The Eurocopter1 AS350 B2 had just lifted off from a Seattle rooftop helipad for a repositioning flight when it yawed left, climbed slightly and then spun to the ground and crashed into a city street, killing the pilot and a television cameraman in the passenger seat.
A person on the ground received serious injuries when the helicopter — used by a Seattle television station in electronic news gathering — struck the automobile in which he was sitting and exploded in flames. The helicopter was destroyed.
The U.S. National Transportation Safety Board (NTSB) said in its final report that the probable cause of the March 18, 2014, accident was a loss of control “due to a loss of hydraulic boost to the tail rotor pedal controls at takeoff, followed by a loss of hydraulic boost to the main rotor controls after takeoff.”
Fire damage to the hydraulic system, as well as the absence of a flight recorder, left accident investigators unable to determine a cause of the loss of hydraulic boost to the main and tail rotor controls, the report said.
The accident occurred at 0738 local time, after takeoff from the KOMO-TV heliport, where the helicopter had been refueled for a repositioning flight in visual meteorological conditions to Renton Municipal Airport, about 14 mi (23 km) southeast of Seattle.
Security camera recordings showed that as the helicopter lifted off, it “simultaneously began to rotate counter-clockwise in a near-level attitude,” the report said. The rotation continued while the helicopter climbed and moved away from the helipad. After nearly completing a 360-degree rotation, the helicopter assumed a nose-low attitude and rotated an additional 180 degrees “and then began to lose altitude while moving rapidly away from the elevated helipad,” the report said.
The descent continued to the street below, where the helicopter struck an occupied automobile.
The accident pilot, 59, held a commercial pilot certificate, a helicopter flight instructor certificate and a helicopter instrument rating. He had about 6,540 flight hours, all in rotorcraft; his time included 6,296 hours as pilot in command and 5.5 hours in the AS350 B2, along with more than 1,000 hours each in the AS350 D, the Bell 206 and the Bell 407. He had completed his most recent flight review in the accident helicopter the month before the accident.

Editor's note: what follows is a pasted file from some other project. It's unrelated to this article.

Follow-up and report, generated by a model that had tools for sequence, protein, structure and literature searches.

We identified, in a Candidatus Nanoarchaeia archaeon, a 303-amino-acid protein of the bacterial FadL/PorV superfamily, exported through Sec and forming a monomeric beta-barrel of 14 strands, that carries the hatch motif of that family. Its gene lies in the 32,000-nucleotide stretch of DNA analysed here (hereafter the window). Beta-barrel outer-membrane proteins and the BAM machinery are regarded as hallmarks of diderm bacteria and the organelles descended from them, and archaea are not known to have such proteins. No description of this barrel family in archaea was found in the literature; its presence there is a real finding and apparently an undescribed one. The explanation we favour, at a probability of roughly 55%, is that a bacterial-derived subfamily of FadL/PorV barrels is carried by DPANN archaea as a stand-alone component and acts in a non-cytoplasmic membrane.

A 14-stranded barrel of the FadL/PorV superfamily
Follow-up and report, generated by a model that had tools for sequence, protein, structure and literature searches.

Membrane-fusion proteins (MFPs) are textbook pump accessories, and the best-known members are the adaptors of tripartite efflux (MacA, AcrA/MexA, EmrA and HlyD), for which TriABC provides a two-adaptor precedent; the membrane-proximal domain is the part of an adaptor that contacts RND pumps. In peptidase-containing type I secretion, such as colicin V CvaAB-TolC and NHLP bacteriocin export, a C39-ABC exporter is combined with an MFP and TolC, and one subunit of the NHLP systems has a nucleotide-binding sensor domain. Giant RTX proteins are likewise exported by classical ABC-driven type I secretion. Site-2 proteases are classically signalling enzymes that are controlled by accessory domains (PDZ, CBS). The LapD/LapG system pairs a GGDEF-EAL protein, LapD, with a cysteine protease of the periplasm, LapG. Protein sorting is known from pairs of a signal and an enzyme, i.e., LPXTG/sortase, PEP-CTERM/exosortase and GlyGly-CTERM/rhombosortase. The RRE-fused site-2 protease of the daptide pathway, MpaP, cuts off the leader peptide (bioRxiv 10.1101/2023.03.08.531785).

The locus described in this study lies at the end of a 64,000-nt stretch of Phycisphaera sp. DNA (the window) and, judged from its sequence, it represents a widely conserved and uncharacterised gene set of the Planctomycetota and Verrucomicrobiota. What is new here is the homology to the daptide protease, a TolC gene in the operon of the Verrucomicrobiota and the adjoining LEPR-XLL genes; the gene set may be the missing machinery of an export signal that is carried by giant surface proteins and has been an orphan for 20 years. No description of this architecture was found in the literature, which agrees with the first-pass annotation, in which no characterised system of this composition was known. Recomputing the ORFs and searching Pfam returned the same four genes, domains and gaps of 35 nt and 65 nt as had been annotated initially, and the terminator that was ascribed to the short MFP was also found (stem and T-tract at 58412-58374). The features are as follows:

The pilot flew the news helicopter part time on the early-morning shift, before reporting to his full-time job as an engineer for an airplane manufacturer. He typically awakened by 0400 and reported to his part-time flying job at 0500, then went to his full-time job around 1000. He went to bed around 2000. According to a family member, the pilot was “in excellent health, had no sleep disorders and had performed this schedule for many years,” the report said, noting that the pilot had begun flying news helicopters in 2002. “Additionally, the family member opined that the pilot was looking forward to flying full time after retiring from his full-time job.”
The accident helicopter — which, at the time of the accident, had accumulated 7,707 hours — had arrived Jan. 30, 2014, at the Renton base of the operator, Helicopters Inc., which operated more than 70 electronic news gathering helicopters in 36 cities across the United States. The accident pilot began AS350 B2 training the next day. He passed a check ride and the AS350 limitations written test on Feb. 8. The next time he flew the helicopter was the day of the accident.
The report said that although accident investigators did not find the helicopter’s checklist when they examined the helicopter, the operator’s assistant director of operations, the safety director and the two pilots who had ferried the helicopter to Renton — the company’s check airman and a Renton-based pilot — said that the checklist that had come with the helicopter was the Abbreviated Checklist for the AS350 BA/B2, Revision 1. (The checklist was an internal company document developed from the Rotorcraft Flight Manual.)